was ROBERT FITZ-OOTH.* Yet the most ancient poems on Robin Hood make no mention of this Earldom. He is expressly asserted to have been a yeomant in a very old legend in verse preserved in the archives of the public library at Cambridge,‡ in eight FYTTES or Parts, printed in black letter, quarto, thus inscribed: "Here begynneth a lytell geste of Robyn hode and "his meyne, and of the proude sheryfe of Notyngham." The first lines are,

"Lithe and lysten, gentylmen,

"That be of fre-bore blode:

"I shall you tell of a good YEMAN,
"His name was Robyn hode.

"Robyn was a proude out-lawe,
"Whiles he walked on grounde;
"So curteyse an outlawe as he was one,
"Was never none yfounde." &c.


The printer's colophon is, "C Explicit Kinge Ed"warde and Robin hode and Lyttel Johan. Enprented "at London in Fletestrete at the sygne of the sone "by Wynkin de Worde.". -In Mr. Garrick's Collections is a different edition of the same poem "C "Imprinted at London upon the thre Crane wharfe "by Wyllyam Copland," containing at the end a little dramatic piece on the subject of Robin Hood and the friar, not found in the former copy, called, "A "newe playe for to be played in Maye games very plesaunte and full of pastyme. (..) C."

I shall conclude these preliminary remarks with observing, that the hero of this ballad was the favourite subject of popular songs so early as the time of K

Edward III. In the Visions of Pierce Plowman, written in that reign, monk says,

Stukeley, in his Palæographia Britannica, No. II. 1746.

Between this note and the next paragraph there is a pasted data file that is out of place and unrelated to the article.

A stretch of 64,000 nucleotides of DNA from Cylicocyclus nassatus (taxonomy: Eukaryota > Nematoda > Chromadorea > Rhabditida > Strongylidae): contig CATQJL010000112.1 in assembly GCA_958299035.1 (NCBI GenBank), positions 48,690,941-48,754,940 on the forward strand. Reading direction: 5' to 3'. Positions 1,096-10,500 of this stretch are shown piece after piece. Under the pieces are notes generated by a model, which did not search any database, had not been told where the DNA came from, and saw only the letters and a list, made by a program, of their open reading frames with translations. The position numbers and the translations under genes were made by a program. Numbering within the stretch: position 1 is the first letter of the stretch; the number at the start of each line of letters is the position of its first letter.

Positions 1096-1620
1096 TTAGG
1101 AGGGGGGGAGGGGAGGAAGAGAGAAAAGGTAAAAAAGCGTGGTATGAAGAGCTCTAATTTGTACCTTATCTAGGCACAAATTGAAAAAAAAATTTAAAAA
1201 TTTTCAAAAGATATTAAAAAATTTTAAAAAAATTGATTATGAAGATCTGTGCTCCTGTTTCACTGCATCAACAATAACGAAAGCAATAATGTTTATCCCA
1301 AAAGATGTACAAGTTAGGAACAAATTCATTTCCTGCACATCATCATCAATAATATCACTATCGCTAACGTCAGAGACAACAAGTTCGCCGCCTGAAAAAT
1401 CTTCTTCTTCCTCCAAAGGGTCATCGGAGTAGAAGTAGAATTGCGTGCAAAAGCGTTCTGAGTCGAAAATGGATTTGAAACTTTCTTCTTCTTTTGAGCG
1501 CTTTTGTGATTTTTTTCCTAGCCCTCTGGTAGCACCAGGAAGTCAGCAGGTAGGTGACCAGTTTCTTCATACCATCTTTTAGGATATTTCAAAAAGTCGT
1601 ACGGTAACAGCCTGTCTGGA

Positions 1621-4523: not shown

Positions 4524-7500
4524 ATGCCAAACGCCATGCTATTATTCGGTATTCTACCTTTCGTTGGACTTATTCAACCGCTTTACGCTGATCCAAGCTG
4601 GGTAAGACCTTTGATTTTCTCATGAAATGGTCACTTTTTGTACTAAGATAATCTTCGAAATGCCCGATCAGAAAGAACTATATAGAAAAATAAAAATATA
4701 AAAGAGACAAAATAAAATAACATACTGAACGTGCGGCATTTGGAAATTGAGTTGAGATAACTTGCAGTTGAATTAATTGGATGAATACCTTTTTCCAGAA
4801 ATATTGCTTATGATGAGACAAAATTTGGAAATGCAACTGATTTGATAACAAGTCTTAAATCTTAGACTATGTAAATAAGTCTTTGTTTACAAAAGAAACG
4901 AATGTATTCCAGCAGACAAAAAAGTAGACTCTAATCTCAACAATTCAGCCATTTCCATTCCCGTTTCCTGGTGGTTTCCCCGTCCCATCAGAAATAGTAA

See also the following ballad, ver. 147. Num. D. 5.2.

Old plays, 4to. K. vol. x.

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I can rimes of Boben Hod and Randal of Chester,
But of our Lorde and our Lady, I lerne nothyng at all.
Fol. 26. Ed. 1550.

See also in Bp. Latimer's Sermons* a very curious and characteristical story, which shows what respect was shown to the memory of our archer in the time of that prelate.

The curious reader will find many other particulars relating to this celebrated Outlaw, in Sir JOHN HAWKINS'S Hist. of Music, vol. iii. p. 410, 4to.

For the catastrophe of Little John, who, it seems, was executed for a robbery on Arbor-hill, Dublin, (with some curious particulars relating to his skill in archery,) see Mr. J. C. WALKER's ingenious "Memoir on the Armour and Weapons of the Irish," p. 129, annexed to his "Historical Essay on the Dress of the Ancient and Modern Irish." Dublin, 1788, 4to.

Some liberties were, by the Editor, taken with this ballad; which, in this Edition, hath been brought nearer to the folio MS.

WHEN Shaws beene sheene, and shradds full fayre, And leaves both large and longe,

Itt is merrye walking in the fayre forrèst

To heare the small birdes songe.

The woodweele sang, and wold not cease,

Sitting upon the spraye,

Soe lowde, he wakened Robin Hood,

In the greenwood where he lay.


Ver. 1. For shaws the MS. has shales: and shradds should perhaps be swards: i. e. the surface of the ground: viz "when the fields are in their beauty :" or perhaps shades.

*Ser. 6th before K. Ed. Apr. 12. fol. 75. Gilpin's Life of Lat. p. 122.




Now by my faye, sayd jollye Robin,
A sweaven I had this night;

I dreamt me of tow wighty yemen,
That fast with me can fight.

Methought they did mee beate and binde,

And tooke my bow mee froe;

If I be Robin alive in this lande,

Ile be wroken on them towe.

Sweavens are swift, Master, quoth John,
As the wind that blowes ore a hill;
For if itt be never so loude this night,
To-morrow itt may be still.

Buske yee, bowne yee, my merry men all,
And John shall goe with mee,
For Ile goe seeke yond wight yeomen,
In greenwood where the bee.

Then the cast on their gownes of grene,
And tooke theyr bowes each one;
And they away to the greene forrèst
A shooting forth are gone;

Until they came to the merry greenwood,
Where they had gladdest bee,

There were the ware of a wight yeoman,
His body leaned to a tree.